Which horse would you like to own and compete for the United States and why?

I felt so lucky to ride Kennedy at the end of my career and believe that had I had him as a young horse, he would have been even more successful with me. That being said, Granat, Keen, Totilas and Valegro would have been amazing horses to ride and compete.

What training tips can you give the athletes?

Every horse is different and requires their own special attention; however, staying true to the basic principles of dressage and remembering that “art ends where violence begins” is an adage I have lived by. 

Is there any how-to information you could give the U.S. qualifying contenders for upcoming team events on pressure, showing and/or competing in Europe

Our U.S. athletes are among the most sophisticated and well-supported equestrians from any nation around the world. Their pathway to making a dressage team affords them the experience and exposure to training and competing both in America and in Europe. They also have the very best access to top veterinarians, farriers, sports psychologists and many other skilled specialists, including human doctors.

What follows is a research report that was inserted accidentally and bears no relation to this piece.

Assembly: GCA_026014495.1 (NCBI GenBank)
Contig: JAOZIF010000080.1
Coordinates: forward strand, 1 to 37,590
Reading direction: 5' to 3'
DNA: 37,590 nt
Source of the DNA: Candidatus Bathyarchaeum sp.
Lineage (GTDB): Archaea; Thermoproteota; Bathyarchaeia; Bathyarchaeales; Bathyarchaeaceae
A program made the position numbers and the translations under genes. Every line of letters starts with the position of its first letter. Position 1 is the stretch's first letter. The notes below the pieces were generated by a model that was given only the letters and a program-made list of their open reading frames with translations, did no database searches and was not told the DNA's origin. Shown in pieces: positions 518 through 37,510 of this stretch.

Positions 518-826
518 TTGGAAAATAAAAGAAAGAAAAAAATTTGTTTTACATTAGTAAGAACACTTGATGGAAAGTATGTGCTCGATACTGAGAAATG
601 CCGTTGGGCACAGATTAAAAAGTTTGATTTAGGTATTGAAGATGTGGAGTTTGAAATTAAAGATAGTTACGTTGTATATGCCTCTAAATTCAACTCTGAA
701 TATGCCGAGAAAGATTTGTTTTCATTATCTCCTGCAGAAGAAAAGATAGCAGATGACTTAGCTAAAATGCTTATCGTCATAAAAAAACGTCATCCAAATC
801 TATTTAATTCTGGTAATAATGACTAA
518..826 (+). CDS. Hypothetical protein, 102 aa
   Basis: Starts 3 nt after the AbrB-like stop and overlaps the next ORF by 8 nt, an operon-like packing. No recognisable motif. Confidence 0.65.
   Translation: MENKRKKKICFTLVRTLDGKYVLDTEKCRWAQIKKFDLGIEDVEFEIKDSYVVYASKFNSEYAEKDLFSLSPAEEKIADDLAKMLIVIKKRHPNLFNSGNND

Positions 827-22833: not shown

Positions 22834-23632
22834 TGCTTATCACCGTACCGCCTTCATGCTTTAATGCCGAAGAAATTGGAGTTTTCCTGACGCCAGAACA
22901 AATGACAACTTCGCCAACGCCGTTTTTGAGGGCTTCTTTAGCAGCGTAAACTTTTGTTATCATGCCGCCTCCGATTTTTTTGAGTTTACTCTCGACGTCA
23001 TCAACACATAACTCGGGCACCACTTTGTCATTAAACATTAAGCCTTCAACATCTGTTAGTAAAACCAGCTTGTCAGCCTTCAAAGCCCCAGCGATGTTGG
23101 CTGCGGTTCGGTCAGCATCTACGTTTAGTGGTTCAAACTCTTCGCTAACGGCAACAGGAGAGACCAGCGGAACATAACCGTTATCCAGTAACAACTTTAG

Our federation and the U.S. Equestrian Team Foundation and their staffs are fantastic, and all are always available to help out the U.S. athletes as they can. Further, our coaches and I are always doing 100 percent to ensure that our athletes, three- and four-legged, have every possible advantage to allow them to excel. 

Riders must be true to themselves and others and open to receiving the help offered them. Only with everyone in our community making a concerted effort can we realize our shared dream of our teams at all divisions standing on the highest podiums and bringing home the gold! 

This article originally appeared in the May 2014 issue of Dressage Today.